In another legend, Kartavirya Arjuna visited the hermitage of Jamadagni, and was received by that sage's wife Renuka with all respect; but he made an ill return for her hospitality, and carried off by violence "the calf of the milch-cow of the sacred oblation." For this outrage Parashurama cut off his thousand arms and killed him.

In another legend, Kartavirya sent seventeen Akshauhinis to fight against the lone Parashurama who was on foot. The Brahmana single handedly slew the entire army and spared no one alive. Kartavirya arrived in his divine golden chariot which could go anywhere unobstructed. The King himself was a powerful archer, capable of simultaneously wielding five hundred bows and shooting five hundred arrows at a time. Parashurama broke Kartavirya's bows, slew his horses and charioteer and destroyed the chariot itself with his arrows.

Kartavirya hurled many weapons, rocks and trees at Parashurama, but the sage parried all these. Parashurama hacked off his thousand arms with his arrows and dismembered him with his axe.

In another place a different character is given to him, and more in accordance with his behavior at Jamadagni's hut. "He oppressed both men and gods," so that the latter appealed to Vishnu for succor. That God then came down to the earth as Parashurama for the special purpose of killing him.[3]

Legacy[edit]

According to most Puranas, Kartavirya was the ancestor of the Vitihotras, the Talajanghas, the Vrishnis, the Sattwatas and the Madhavas. His most famous descendant is Lord Krishna himself.

The Pandava prince, Arjuna is often compared to Kartavirya after whom he was named. Both conquered the worlds, both were renowned for their skill in archery (they could shoot 500 arrows simultaneously), both had strong associations with the Avatars of Vishnu and both had burnt down a forest to gratify Agni (in some cases, Surya).

The name Arjuna was cursed by the sage Apava when Kartavirya accidentally burnt down his hermitage. Anyone who bore the name Arjuna would not be a king, no matter how powerful warriors they were.

Modern Day Progeny[edit]

As per the popular folklore of Treta Yuga, a virtuous Haihaya king of Mahishmati of malwa region, Sahastrabahu Arjuna or Sahastararjun, drunk with power and sense of invincibility ends up killing the great Brahman sage Jamadagni over a sacred cow Kamadhenu. Furious at this heinous crime by a Kshatriya who on the contrary were expected to uphold Raj Dharma and righteousness, son of Jamadagni, Lord Parashurama vows to vanquish the power drunken Kshatriya clan from Earth. Wielding his divine AXE, he eliminates Sahastararjun and later on he rages on earth 21 times, each time decimating unvirtuous and unworthy kings wherever he went. Terrified with the prospect of death at Lord Parashuram, progeny of Sahastararjun seek Janaka Maharaj, one of the most learned king of Videha who advises them to seek Hinglaji Mata's blessing. The clan devotedly pray to devi at Higloj who is overcome with compassion and assures shelter in her place. Over time, when Lord Parashuram visits this place, he was pleasantly surprised to see Kshatriya clan involved in many Brahminical activities having shed their arms. Hinglaj mata intervenes on their behalf, and since then the clan disowned arms. Lord Parashuram not only taught them scriptures and vedas, but also weaving for a living. The clan with a sense of relief then branches out and spread across Sindh, Panjab, Rajasthan, Madhya Pradesh, and later on to South India, such as Maharashtra, Telangana, Andrapradesh and Karnataka. And where ever they went they continued worshiping Hinglaj Devi. Bhavasars, Shimpis and Khatris of Somavaunsha Sahasrarjun Kshatriya trace their origin to this clan. Some of those who remained in Sindh province later on converted to Islam. Of note, even to they are one of the oldest non-Brahmin clans who had knowledge of Vedas. Also, to this day many work as weavers and tailors.[4] AmbaBhavani or Jagadamba is considered as one of the later incarnations of Hinglaj Devi by the same communities who also worship her mostly in Western India.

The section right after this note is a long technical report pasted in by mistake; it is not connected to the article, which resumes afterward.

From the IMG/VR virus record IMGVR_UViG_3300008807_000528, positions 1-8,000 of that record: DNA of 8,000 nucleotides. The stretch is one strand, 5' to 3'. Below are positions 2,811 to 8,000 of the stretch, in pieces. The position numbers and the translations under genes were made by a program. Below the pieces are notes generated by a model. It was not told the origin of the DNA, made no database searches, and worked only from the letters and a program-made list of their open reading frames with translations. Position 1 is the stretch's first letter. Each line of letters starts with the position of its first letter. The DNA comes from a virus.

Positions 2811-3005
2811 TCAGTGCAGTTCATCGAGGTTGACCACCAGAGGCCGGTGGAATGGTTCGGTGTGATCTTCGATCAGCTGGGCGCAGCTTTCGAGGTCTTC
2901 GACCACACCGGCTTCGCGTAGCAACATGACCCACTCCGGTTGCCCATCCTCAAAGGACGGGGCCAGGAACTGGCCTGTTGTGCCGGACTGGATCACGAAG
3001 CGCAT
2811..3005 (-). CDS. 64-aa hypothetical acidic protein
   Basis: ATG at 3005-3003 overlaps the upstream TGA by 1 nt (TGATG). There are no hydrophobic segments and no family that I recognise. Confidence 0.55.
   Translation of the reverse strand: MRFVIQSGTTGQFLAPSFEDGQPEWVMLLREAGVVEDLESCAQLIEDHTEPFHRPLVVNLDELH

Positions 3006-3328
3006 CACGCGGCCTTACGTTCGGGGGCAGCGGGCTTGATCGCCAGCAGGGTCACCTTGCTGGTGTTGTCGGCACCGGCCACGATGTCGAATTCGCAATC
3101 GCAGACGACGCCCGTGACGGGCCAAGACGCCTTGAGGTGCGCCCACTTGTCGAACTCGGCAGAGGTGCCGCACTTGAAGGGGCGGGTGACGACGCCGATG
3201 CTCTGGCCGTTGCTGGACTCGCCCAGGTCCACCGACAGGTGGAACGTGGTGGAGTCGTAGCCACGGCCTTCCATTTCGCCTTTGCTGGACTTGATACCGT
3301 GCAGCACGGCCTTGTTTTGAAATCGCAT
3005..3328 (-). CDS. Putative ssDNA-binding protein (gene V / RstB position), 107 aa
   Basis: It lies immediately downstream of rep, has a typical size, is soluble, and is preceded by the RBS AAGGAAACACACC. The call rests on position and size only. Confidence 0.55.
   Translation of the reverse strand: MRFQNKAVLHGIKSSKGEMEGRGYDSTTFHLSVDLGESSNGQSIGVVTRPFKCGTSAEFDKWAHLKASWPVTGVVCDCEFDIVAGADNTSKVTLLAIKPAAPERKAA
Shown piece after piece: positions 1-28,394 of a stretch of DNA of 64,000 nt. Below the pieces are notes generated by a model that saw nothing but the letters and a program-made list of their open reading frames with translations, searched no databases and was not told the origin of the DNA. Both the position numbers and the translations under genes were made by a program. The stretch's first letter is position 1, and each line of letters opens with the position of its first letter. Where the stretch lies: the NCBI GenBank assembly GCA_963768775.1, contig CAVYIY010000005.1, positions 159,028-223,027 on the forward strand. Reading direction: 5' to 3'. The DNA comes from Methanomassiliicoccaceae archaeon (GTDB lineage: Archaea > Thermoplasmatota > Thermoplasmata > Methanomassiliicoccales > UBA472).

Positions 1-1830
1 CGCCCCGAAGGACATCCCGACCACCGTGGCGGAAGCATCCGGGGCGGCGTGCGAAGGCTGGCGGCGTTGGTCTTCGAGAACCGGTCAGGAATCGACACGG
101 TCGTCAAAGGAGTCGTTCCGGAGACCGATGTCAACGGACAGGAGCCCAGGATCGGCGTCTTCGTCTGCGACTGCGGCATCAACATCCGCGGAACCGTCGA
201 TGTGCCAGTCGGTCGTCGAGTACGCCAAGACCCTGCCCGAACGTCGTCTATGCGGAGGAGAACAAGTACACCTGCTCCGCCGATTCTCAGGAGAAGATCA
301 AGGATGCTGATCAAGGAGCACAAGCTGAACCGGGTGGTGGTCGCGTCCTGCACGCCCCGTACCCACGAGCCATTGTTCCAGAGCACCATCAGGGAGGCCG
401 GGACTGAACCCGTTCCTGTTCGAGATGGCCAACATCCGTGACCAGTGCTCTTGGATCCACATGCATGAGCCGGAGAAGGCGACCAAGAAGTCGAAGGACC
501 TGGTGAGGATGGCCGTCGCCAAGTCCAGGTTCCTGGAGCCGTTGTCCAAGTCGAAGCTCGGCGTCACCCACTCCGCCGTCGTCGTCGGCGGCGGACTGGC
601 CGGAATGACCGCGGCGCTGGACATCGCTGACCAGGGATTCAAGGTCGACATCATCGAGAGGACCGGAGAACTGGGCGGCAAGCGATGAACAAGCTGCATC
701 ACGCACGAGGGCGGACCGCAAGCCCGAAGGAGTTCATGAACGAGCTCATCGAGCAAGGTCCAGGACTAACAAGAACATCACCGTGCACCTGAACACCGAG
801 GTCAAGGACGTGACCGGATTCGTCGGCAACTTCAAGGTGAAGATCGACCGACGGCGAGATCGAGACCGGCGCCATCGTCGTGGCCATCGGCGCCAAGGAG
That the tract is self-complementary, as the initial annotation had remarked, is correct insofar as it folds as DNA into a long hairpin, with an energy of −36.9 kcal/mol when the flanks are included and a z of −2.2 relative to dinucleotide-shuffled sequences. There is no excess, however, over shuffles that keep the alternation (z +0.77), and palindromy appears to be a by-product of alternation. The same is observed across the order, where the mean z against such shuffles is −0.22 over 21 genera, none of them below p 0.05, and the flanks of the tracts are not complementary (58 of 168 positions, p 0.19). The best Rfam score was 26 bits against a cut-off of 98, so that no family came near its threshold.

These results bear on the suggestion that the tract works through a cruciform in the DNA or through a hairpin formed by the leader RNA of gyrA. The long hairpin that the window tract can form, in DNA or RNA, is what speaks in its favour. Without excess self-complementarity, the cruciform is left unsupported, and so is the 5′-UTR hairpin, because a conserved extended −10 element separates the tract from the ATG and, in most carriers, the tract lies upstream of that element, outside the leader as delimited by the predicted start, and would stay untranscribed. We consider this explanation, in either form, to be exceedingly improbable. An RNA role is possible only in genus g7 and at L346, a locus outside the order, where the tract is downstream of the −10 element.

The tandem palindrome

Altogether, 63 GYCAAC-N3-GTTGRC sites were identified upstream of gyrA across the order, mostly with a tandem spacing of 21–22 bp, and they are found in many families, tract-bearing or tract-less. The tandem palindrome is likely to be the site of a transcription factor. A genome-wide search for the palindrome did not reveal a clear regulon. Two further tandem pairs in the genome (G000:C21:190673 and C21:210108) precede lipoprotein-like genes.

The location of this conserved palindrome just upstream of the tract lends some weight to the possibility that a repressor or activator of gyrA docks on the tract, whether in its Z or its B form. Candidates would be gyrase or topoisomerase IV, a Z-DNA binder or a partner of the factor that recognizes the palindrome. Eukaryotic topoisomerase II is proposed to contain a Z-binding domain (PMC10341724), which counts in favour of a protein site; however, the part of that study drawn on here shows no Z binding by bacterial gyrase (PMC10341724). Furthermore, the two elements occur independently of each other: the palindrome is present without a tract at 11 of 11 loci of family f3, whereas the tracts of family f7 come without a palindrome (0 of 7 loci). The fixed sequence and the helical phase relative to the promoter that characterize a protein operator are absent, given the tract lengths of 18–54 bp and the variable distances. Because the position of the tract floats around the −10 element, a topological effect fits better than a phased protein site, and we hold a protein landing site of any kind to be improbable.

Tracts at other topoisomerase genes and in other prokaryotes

References[edit]

  1. ^ Pargiter, F.E. (1972) [1922]. Ancient Indian Historical Tradition, Delhi: Motilal Banarsidass, p.265-7
  2. ^ Dowson, John (1984). A Classical Dictionary of Hindu Mythology, and Religion, Geography, History. Calcutta: Rupa & Co. pp. 151–2. 
  3. ^ Gopal, Madan (1990). K.S. Gautam, ed. India through the ages. Publication Division, Ministry of Information and Broadcasting, Government of India. p. 74. 
  4. ^ http://www.sskna.org/newsite/folklores.php